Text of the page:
The delegates from nation states all over the world convened in Rio de Janeiro, Brazil on June 2012, for a conference on sustainable development held by the United Nations. There they debated the path to a sustainable future, made plans to solve the global climate change crisis and vowed to push forward the global agenda of ensuring environmental equity for all. They discussed “The Future We Want” document designed to protect the environment, solve global poverty and provide just and equitable growth. The paper will seek to assess the extent to which proposals laid down in “The Future We Want” risk infringing upon the rights of the local people.
Since humans are ecologically embedded beings, environmental issues have a direct impact on human rights. Because of humanity’s dependence on the natural environment and its resources, environmental degradation and climate change can often negatively affect the enjoyment of social, economic, political, civic and cultural right. The United Nations resolution stated that climate change has a direct and an indirect effect on the exercise of human rights. Environmental politics has moved away from a narrow eco-authoritarian viewpoint and therefore, incorporates elements of cultural, social and economic justice. On the other hand, humans are irreversibly distorting the way in which the planet functions, with potentially disastrous consequences.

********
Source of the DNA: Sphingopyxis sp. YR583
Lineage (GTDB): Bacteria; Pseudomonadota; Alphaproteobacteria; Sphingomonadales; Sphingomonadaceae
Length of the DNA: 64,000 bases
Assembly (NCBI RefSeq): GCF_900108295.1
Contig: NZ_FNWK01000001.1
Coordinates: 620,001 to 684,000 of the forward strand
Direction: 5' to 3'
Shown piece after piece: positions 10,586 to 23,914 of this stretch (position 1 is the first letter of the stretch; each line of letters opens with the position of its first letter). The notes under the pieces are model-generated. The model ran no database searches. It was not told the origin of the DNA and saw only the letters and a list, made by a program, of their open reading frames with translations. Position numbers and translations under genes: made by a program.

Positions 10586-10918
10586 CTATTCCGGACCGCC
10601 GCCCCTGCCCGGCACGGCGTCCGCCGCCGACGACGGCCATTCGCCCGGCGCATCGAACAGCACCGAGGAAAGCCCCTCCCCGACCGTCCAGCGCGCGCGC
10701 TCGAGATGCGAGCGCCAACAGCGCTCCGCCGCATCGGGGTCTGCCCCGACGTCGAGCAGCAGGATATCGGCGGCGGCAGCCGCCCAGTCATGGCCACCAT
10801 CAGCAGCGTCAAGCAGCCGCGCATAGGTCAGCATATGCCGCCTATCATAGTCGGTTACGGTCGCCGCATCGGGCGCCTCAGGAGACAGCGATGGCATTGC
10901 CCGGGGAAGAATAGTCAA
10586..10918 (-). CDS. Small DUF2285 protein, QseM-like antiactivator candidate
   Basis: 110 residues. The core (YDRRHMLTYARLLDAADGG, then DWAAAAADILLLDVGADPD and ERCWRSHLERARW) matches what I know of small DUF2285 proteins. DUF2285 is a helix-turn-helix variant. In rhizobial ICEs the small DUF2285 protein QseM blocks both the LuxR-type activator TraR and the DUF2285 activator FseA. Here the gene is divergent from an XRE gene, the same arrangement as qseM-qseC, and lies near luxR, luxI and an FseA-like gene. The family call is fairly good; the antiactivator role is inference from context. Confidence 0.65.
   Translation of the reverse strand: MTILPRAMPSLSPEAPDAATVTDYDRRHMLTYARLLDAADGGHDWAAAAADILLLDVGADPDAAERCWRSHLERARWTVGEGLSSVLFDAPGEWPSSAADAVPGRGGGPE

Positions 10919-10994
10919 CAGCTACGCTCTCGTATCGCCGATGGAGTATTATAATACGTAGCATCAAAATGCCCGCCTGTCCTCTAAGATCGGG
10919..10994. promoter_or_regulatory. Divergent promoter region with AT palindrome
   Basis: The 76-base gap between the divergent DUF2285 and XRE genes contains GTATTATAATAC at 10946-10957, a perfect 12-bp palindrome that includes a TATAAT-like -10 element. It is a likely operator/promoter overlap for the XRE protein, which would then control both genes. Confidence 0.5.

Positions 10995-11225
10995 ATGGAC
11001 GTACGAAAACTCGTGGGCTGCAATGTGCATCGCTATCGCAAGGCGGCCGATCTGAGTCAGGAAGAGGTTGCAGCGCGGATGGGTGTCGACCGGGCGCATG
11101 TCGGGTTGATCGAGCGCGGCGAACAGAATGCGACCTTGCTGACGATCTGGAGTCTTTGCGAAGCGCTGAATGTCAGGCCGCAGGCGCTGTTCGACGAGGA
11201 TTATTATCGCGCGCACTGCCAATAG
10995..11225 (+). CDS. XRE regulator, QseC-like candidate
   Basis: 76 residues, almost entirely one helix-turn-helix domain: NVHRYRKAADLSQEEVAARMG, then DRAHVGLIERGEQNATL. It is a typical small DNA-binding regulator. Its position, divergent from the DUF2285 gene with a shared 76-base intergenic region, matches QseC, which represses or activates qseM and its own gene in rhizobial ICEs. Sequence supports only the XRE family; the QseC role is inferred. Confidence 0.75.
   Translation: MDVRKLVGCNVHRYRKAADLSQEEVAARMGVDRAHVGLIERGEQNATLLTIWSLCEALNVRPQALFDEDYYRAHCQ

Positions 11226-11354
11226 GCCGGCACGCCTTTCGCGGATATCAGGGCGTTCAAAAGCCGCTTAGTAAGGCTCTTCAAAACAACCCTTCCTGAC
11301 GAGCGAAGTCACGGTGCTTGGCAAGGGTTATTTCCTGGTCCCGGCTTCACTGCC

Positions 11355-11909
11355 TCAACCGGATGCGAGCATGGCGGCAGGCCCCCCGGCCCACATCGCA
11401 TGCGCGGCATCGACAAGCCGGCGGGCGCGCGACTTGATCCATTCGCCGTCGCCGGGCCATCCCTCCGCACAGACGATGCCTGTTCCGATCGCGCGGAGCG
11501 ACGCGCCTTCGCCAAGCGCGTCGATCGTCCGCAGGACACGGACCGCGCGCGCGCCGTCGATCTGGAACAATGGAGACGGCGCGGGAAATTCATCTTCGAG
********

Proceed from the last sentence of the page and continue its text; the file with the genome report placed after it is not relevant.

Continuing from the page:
The release of GHGs causes increased atmospheric temperature, which in turn causes dangerous shifts in weather and ecosystem patterns. These changes could have a catastrophic outcome of the human race. Finding a pathway to a sustainable future is, therefore, significant. Indigenous people have inhabited the lands since time immemorial and live in some of the most ecologically sensitive areas in the world. Their cultural, social, and spiritual practice is based on a relationship built on respect for their cultural surroundings, making them arguably the most sustainable communities in the world. This makes their involvement in the global environment arena pivotal to abating climate change.
This paper begins by examining the current issues related to deforestation and desertification, and forest governance. It will then examine the interaction of indigenous people with the forest and how institutions affect their relations. The paper will finally explore “The Future We Want” and its general weakness in relations to mitigation of deforestation, and then conclude by pointing out impacts of these strategies to indigenous people.